Sanctuary churches say fines against immigrants meant to sow fear

People living in sanctuary to escape deportation have received fines of up to half a million dollars.
July 5, 2019

About a dozen people taking refuge in sanctuary churches across the country received a letter from Immigration and Customs Enforcement in early July, informing them they owe hundreds of thousands of dollars in civil penalties for disobeying orders to leave the country.

Among them was Rosa del Carmen Ortez Cruz, a 38-year-old mother of four living at a Presbyterian church in Chapel Hill, North Carolina, who was told she owes more than $300,000 for overstaying her deportation order. Her lawyers at McKinney Immigration Law in Greensboro, North Carolina, received a similar letter.

Ortez Cruz fled Honduras for the United States in 2002, after her domestic partner, the father of her son, stabbed her multiple times. The Church of Reconciliation and the Chapel Hill Mennonite Fellowship offered her refuge from immediate deportation last year because she is afraid to return to Honduras, where her ex-partner lives.

Noel Andersen, grassroots coordinator with Church World Service, which helps organize the sanctuary movement, sees the fine letters as going “along with the extremely cruel and unusual tactics to create fear,” he said. “Clearly it’s an attack on the sanctuary movement.”

Nationwide, there are 44 undocumented immigrants who have publicly announced they are taking refuge in congregations, Andersen said. It’s unclear why fewer than one-third were targeted with fines.

Andersen expected the fines would be challenged because they appear to selectively target undocumented immigrants in sanctuary churches.

“It’s pretty clear that this is an attack on our faith,” he said.

Among those targeted was Edith Espinal, a Mexican national who took sanctuary at Columbus Mennonite Church in Ohio. She received notice of a fine of $497,777. Others receiving letters about fines are living in churches in Colorado, Utah, Texas, Virginia, and Washington State, Andersen said.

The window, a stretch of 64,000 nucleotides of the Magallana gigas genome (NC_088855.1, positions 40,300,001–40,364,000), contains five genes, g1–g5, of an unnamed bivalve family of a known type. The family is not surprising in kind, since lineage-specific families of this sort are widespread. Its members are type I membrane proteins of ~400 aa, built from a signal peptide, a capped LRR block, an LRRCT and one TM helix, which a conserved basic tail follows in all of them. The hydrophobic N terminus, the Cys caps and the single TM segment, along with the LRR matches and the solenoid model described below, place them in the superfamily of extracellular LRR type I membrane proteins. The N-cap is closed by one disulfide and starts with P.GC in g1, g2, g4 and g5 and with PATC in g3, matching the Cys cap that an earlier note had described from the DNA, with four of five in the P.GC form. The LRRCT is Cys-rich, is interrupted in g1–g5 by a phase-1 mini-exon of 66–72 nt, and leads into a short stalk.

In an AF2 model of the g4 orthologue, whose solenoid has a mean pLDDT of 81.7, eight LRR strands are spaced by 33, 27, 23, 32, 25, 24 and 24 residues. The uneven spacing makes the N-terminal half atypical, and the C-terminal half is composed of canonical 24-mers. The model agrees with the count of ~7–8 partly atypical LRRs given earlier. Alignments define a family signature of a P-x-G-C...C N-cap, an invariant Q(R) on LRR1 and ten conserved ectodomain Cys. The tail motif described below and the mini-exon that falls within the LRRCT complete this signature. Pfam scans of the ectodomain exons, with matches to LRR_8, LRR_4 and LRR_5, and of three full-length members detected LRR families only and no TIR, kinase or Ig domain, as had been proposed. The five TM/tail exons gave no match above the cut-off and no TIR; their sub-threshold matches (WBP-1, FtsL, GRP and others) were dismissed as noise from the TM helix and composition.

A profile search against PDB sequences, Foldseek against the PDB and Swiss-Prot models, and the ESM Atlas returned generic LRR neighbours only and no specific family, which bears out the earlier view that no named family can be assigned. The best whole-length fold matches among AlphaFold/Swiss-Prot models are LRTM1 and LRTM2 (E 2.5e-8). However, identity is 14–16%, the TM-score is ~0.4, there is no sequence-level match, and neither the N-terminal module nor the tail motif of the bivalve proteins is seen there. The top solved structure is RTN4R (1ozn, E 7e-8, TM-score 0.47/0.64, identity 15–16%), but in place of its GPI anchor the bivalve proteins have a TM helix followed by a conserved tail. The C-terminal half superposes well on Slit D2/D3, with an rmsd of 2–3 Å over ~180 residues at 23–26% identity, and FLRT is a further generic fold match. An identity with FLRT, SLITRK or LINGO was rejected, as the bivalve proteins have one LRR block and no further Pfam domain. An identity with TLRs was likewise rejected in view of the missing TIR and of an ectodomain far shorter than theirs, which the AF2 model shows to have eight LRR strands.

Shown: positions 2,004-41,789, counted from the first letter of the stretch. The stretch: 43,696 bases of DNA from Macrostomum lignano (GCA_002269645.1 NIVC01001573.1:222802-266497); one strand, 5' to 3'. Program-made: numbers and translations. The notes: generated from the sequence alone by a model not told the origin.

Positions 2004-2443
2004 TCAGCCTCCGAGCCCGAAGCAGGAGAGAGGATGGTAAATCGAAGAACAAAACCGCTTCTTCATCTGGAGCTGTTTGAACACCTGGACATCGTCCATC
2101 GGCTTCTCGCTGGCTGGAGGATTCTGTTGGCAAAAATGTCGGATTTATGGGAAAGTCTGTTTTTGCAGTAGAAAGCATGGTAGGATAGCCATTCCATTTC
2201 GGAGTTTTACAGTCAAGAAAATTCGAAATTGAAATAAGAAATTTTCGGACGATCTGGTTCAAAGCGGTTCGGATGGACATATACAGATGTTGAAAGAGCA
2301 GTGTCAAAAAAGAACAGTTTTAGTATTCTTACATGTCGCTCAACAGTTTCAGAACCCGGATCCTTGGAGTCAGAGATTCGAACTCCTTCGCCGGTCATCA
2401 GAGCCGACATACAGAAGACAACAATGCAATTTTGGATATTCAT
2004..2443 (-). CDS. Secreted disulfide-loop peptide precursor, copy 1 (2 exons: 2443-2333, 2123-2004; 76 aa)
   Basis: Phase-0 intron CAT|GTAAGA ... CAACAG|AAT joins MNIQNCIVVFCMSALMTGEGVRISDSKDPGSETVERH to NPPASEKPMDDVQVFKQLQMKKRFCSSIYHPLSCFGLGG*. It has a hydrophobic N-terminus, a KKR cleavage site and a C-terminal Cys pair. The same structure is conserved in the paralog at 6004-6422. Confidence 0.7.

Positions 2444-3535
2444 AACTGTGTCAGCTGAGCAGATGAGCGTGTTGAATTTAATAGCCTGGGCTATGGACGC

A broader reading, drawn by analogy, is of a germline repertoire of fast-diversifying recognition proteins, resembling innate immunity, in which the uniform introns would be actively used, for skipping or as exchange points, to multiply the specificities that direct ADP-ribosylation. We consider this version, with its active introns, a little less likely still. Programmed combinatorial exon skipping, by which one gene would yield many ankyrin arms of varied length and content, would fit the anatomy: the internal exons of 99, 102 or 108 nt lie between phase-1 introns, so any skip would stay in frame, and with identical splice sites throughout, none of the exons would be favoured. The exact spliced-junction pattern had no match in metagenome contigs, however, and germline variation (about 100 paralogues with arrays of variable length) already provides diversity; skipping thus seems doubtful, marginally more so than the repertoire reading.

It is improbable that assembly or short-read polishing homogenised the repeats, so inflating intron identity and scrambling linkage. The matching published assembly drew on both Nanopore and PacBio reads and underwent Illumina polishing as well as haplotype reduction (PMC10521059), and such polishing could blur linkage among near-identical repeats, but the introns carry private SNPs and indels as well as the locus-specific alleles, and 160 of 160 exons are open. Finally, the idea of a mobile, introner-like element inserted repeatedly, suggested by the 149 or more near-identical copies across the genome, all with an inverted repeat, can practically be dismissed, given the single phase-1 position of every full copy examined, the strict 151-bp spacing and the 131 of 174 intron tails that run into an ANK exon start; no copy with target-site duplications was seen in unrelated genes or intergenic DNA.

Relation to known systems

An ICE spokesman would not say how many Notice of Intention to Fine letters were mailed, but he said the practice began in December and is authorized by the Immigration and Nationality Act of 1965.

“The decision to issue a[n] NIF is determined on a case-by-case basis, taking into account steps the alien has taken to faithfully meet the obligation of their removal order or voluntary departure,” said Matthew Bourke, the ICE spokesman.

Bourke said statutes set two classes of fines. Those who have “failed to meet the obligations of their removal” are fined at no more than $500 per day; in Ortez Cruz’s case, the inflation-adjusted amount totals $799 a day. Immigrants who have failed to voluntarily depart are fined $3,000, according to the statute, he said.

Most of the people living in sanctuary have few, if any, financial means and are unable to work beyond the tasks they can perform for their hosts.

Those receiving the fines were given 30 days to respond.

Ortez Cruz’s attorney said he was puzzled by the fine since his client’s case is already pending in the Fourth US Circuit Court of Appeals. A decision is expected late this year or early next. His firm plans to challenge the fine.